Journey – Composer Austin Wintory spent three years creating the masterfully paced and beautifully atmospheric soundtrack for Journey, and this dedication paid off in that was the first and only one to be nominated for a Grammy Award. Wintory made cellist Tina Guo the center of the soundtrack and said in an interview that the game is “like a big cello concerto where you are the soloist and all the rest of the instruments represent the world around you.” I’ve never played Journey, but memories of the game is not required to enjoy the incredible musical journey!
The Curse of Monkey Island – Michael Land’s score needed to reflect the game’s absurdist humor, and on Monkey Island’s third installment, Land turned in his finest work to date. The Curse of Monkey Island allowed Land to expand his already-beloved set of themes into lavish, widescreen masterpieces, and they never sounded better – the steel-drum laced rendition of the title theme could make even the hardest-faced cynic break into a smile. Play this music at your next pirate-themed birthday party!
Fallout New Vegas – Fallout is well known for its gritty black humor juxtaposed with overtly happy swing tunes. Our favorite is New Vegas, with tracks like “Big Iron on your hip” and the sinister double meaning of “Ain’t that a kick in the head.” The late-night cross-country western blues radio satirically compares the courier traipsing across the nuclear wasteland, to cowboys and lone wanderers. The funniest thing was playing the soundtrack on a car ride and Grampa saying “I remember this song!”
Cuphead – This game copies the old school style of cartoons from the golden age of American animation (circa 1920s-1930s). The developers also filled their soundtrack with jazz and big band tracks from a bygone era. This lively soundtrack will transport you back in time to an old dance hall or carnival. Even without seeing the game in action, the music is just plain fun to hear and will bring a smile to your face.
Final Fantasy – Everyone’s got their own favorite Final Fantasy soundtrack, but if there’s one that deserves a place on a list of best soundtracks, it’s Final Fantasy 8. The Japanese composer, Nobuo Uematsu, was clearly shooting for something cinematic. Seriously, pick any song out of the 74 different tunes in the soundtrack, and you’ll find your mind instantly swept away on a grand sci-fi fantasy adventure. Every song is a masterwork, a mix of prog-rock, classical music, and Uematsu’s signature style combining to create something not just unique within Final Fantasy, but within video games as a whole.
Elder Scrolls – You could pick any of the Elder Scrolls games (Morrowind, Oblivion, Skyrim) for this list, as it’s impossible to go wrong with a Jeremy Soule soundtrack. Morrowind captures the feeling of quiet solemnity, Oblivion embraces pomp, and Skyrim bravado. In fact, Skyrim‘s main theme was recorded with a 30-man choir giving a sense of epicness and grandeur, making this game sound like a big-budget Hollywood fantasy film. However, for peaceful atmospheric orchestral music, I’d have to go with Morrowind.
The Legend of Zelda – When one thinks of The Legend of Zelda music, it’s easy to go straight to The Legend of Zelda: Ocarina of Time with its clear, defined melodies. As implied in the game’s title, music also played a central role in the plot. The main character could learn new songs on the ocarina, which would affect the world around him or teleport him somewhere. When you were playing the ocarina in-game, you became part of the game, immersed in composer Koji Kondo’s glorious harmonies. In The Legend of Zelda: Breath of the Wild, the soundtrack of this beautifully reinvented version is much more diverse but equally aesthetically pleasing – subtle pianos, moody clarinets, uplifting horns, melancholy strings, and even some accordion for good measure. The music shapes the beautiful landscapes and challenging puzzles, creating both emotional and epic moments, making it a true journey of sound unmatched by most games today. That being said, it commands your attention more than other background music, making it hard to ignore.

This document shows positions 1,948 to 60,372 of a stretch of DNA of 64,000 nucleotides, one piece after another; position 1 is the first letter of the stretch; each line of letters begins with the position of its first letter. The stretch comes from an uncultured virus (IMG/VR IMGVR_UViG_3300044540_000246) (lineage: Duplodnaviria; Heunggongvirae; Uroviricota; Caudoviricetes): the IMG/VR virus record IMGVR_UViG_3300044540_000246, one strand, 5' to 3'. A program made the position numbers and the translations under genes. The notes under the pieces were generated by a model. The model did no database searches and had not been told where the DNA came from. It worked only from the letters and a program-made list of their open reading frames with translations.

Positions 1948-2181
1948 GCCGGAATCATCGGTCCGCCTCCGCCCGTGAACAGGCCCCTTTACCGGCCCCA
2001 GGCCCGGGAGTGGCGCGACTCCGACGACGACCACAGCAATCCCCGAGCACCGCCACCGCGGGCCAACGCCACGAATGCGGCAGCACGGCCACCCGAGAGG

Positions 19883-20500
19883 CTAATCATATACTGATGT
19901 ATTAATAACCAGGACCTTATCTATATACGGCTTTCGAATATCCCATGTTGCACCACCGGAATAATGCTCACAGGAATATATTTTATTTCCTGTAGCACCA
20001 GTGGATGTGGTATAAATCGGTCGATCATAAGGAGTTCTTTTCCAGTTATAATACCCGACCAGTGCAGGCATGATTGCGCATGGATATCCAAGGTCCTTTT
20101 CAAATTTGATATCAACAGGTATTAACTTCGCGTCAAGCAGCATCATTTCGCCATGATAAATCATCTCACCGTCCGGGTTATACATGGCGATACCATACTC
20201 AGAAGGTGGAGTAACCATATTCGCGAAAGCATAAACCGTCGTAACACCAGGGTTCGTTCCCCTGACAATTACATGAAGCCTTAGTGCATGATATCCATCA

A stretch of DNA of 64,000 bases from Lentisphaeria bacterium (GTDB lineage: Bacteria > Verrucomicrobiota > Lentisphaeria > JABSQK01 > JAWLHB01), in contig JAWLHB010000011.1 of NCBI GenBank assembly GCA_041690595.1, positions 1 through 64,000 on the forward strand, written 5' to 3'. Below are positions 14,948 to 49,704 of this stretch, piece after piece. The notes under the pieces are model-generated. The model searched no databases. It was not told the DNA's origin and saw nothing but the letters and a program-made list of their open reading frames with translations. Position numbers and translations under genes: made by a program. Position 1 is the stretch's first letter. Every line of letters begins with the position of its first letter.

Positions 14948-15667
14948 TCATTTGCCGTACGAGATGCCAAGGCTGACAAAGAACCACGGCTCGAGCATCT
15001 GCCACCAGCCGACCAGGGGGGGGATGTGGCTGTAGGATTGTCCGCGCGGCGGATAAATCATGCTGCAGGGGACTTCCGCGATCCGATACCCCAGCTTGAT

Halo 3 – There is something truly great about Halo 3’s soundtrack that goes perfectly with this magical galaxy-defining epic. Sometimes it’s as subtle as a piano, flute and some strings; other times it’s a full orchestra and choir. Not to mention the main theme song! Angelic voices sway back and forth as the string section warms up and wraps around the central melody. Then the drums hit. It’s a classic battle between the angelic and the archaic, the dark and the light. Sure, it might not be the famous Gregorian chant-laden theme we all know by heart from the original, but Halo 3 was the game that refined and expanded on Halo, while also providing some of the best backing music to Master Chief’s adventures.
Age of Empires – Everyone has their favorite Age of Empires edition that they grew up with, while the definitive edition soundtrack keeps the melody of the originals, but makes them sound smoother, and adds some harmonies that really give a nostalgic feel.
SimCity – SimCity is considered one of the greatest video game franchises ever made, and every single version that came out had an awesome soundtrack. The SimCity 2013 reboot has beautifully majestic orchestral music that reminds you of a peaceful thriving city. SimCity 4 has perhaps the best songs overall with a mixed variety of music ranging from Bohemian to Electronic to Symphonic that made you feel like your city had culture. But the jazzy soundtrack for the original PC classic was incredibly unique, experimental, and instantly recognizable.
Minecraft – This game features a wide variety of beautiful ambient music that can serve as soothing nostalgic background music for peaceful chilling or quiet contemplation. Composed by the German musician and sound engineer known as C418, many fans call it the greatest game soundtrack of all time. Speaking of music in games, the Minecraft Music Mod adds a whole host of playable instruments to your Minecraft world, from guitars and drums to trumpets and saxophones.
The thing that makes a game soundtrack truly great is that you can easily listen to it outside the game and have it hold it’s own against traditional albums – but also to have it resonate and bring back memories of moments in the game is truly a thing of wonder. We obviously haven’t played every video game out there, so we’ve probably missed some good music as well.
What are your favorite video game soundtracks? Tell us in the comments!